MIAMI (AP) -- They came from all over to hear her speak. Old Cuban ladies with wrinkled faces and pristine makeup. Young students with iPhones and digital cameras. Men and women who fled Cuba decades ago and just last year, on makeshift rafts and planes.
When Cuban dissident and blogger Yoani Sanchez entered the room to speak Monday, dressed simply in white, they all stood up in applause and the politics that divide Cubans, even here in Miami, temporarily disappeared.
"In the Cuba that so many of us dream of, there is no need to clarify what type of Cuban you are," she said. "We'll be just Cubans. Cubans, period."
The crowd of several hundred stood on their feet, chanted "Freedom!" and applauded.
Sanchez, a Cuban mother and wife who turned to blogging just five years ago, has gained a following and accolades worldwide for her candid descriptions of modern life in Cuba on her blog Generation Y. In 2008, she was named one of the "100 Most Influential People in the World" by Time magazine. She is currently on an international tour that has taken her to three continents after being allowed to leave Cuba for the first time in nearly a decade.
She went to Brazil, where boisterous protesters backing the Cuban government called her a "mercenary" financed by the CIA and even tugged at her hair. She incited controversy when, in an ironic tone, she suggested the U.S. should let five Cuban men convicted in 2001 of attempting to infiltrate military installations in South Florida free because of all the money Cuba could save and spend on more important matters than campaigning for their release.
She has met with young Cuban-Americans born in the U.S. with dreams of a homeland they have known only in photographs and stories. And she has shaken hands with some of the most powerful politicians in Washington, while calling on the U.S. to end its longstanding embargo against the communist island.
But the most anticipated stop of her 80-day tour has been Miami, the heart of the exile community.
When she arrived last Thursday, one of Sanchez's first stops was to La Ermita de la Caridad, a shrine to our Lady of Charity of El Cobre, Cuba's patron saint. She walked along a stretch of Miami's shoreline she called the city's "Malecon," a reference to Havana's coastal boulevard.
After spending the weekend catching up with her sister, brother-in-law and niece, Sanchez made her first public appearance. The site was aptly chosen: Miami's Freedom Tower, a golden yellow Mediterranean style building where thousands of Cubans fleeing the 1959 communist revolution were processed, given food and connected with social services. A line of men and women who did not have tickets but hoped to still get in stretched down the block.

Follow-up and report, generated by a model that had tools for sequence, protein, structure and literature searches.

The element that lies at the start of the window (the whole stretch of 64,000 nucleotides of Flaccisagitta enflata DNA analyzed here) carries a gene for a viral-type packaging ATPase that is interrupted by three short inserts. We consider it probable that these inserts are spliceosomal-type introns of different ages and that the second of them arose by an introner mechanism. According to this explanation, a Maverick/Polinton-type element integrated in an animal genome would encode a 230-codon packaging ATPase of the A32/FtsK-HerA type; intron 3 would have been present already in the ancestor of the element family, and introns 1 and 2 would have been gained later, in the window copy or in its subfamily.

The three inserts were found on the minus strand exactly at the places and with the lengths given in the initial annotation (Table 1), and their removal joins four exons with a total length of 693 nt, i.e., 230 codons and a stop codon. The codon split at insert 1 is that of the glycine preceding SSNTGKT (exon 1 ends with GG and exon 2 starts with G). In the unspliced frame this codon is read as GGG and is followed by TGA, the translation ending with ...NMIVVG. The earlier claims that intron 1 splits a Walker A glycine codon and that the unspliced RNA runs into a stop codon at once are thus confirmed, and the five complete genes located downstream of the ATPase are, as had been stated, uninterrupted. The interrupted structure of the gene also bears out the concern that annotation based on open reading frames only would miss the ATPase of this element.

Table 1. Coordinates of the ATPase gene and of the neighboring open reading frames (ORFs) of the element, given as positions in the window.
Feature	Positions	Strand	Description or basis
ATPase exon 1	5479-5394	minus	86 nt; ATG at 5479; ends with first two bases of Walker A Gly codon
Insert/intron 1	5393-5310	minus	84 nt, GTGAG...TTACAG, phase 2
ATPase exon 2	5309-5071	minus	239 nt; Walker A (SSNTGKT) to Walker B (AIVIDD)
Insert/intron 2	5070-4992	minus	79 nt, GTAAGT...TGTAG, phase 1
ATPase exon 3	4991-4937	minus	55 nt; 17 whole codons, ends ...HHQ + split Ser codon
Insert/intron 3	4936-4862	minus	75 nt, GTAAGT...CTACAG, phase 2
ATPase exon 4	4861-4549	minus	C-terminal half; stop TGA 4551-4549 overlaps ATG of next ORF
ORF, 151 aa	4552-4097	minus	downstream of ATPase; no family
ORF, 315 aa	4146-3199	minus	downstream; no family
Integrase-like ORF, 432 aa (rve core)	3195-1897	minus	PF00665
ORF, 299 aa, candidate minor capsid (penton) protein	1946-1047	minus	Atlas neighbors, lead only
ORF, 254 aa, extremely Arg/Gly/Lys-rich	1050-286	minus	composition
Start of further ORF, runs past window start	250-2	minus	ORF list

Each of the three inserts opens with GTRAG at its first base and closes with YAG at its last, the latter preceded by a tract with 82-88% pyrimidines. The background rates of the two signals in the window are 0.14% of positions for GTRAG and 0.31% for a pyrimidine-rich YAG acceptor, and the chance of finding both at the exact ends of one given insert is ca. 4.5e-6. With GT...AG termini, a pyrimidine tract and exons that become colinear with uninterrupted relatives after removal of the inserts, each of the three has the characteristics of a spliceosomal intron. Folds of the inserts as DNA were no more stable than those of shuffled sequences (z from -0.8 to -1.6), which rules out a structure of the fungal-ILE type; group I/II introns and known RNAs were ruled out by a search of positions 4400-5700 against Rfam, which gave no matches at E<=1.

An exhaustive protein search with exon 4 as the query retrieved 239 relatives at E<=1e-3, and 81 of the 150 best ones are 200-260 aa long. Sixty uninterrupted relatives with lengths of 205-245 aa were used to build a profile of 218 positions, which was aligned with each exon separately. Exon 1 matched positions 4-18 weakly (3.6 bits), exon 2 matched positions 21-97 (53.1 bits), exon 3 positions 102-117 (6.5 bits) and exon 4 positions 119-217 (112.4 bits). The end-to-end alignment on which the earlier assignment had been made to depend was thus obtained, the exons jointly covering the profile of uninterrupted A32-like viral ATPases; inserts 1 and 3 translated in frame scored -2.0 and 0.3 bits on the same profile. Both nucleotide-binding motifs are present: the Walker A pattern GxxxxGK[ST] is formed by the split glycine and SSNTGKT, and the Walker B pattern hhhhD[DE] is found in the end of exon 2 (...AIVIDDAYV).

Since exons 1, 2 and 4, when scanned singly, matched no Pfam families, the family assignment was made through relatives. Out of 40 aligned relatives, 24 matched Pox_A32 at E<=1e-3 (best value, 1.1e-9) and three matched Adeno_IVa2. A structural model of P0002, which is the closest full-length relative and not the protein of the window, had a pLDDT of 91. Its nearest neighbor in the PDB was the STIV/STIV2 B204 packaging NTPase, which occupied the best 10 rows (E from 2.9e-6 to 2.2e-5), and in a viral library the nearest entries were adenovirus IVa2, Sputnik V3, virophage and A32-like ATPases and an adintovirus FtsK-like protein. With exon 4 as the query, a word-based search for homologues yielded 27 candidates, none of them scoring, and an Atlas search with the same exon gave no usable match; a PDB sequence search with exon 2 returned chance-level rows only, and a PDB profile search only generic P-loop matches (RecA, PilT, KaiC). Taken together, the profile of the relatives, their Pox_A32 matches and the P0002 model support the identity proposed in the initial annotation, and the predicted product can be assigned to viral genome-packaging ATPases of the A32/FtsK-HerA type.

Among them were sisters Magaly Consuegra, 65, and Maria Santa Cruz, 74.
"This is a historical building for us," said Consuegra, who remembered standing in a line in that same spot, when she first arrived five decades ago. "I admire her so much because she had the courage that so many Cubans don't have."
Consuegra came when she was 15 and sometimes, she regrets that she did not stay or go back, like Sanchez has vowed to do. There are an estimated 1 million Cubans in exile in the U.S., most in Miami, almost one-tenth the size of the island's population.
Enormous box trucks drove by repeatedly, the words, "Welcome Yoani Sanchez" stretching along the side. Others held signs calling for Raul Castro to step down as president and for the years of communist rule to end.
Just one small group of about a dozen exiles held a protest, demonstrating against Sanchez's position against the embargo and her comments on the Cuban spies. But they dispersed before the event began as a few rain clouds rolled in.
Sanchez told the story of leaving Berlin on a train the first time she left Cuba years ago. She struck up a conversation with a young man who asked her, "You're from Cuba? From the Cuba of Fidel or from the Cuba of Miami?"
"My face turned red, I forgot all of the little German I knew and I answered him in my best Central Havana Spanish, 'Chico, I'm from the Cuba of Jose Marti,'" Sanchez said, referring to Cuba's most famous national hero and poet.
"That ended our brief conversation," Sanchez said. "But for the rest of my life, that conversation stayed in my mind. I've asked myself many times what led that Berliner and so many other people in the world to see Cubans inside and outside the island as two separate worlds, two irreconcilable worlds."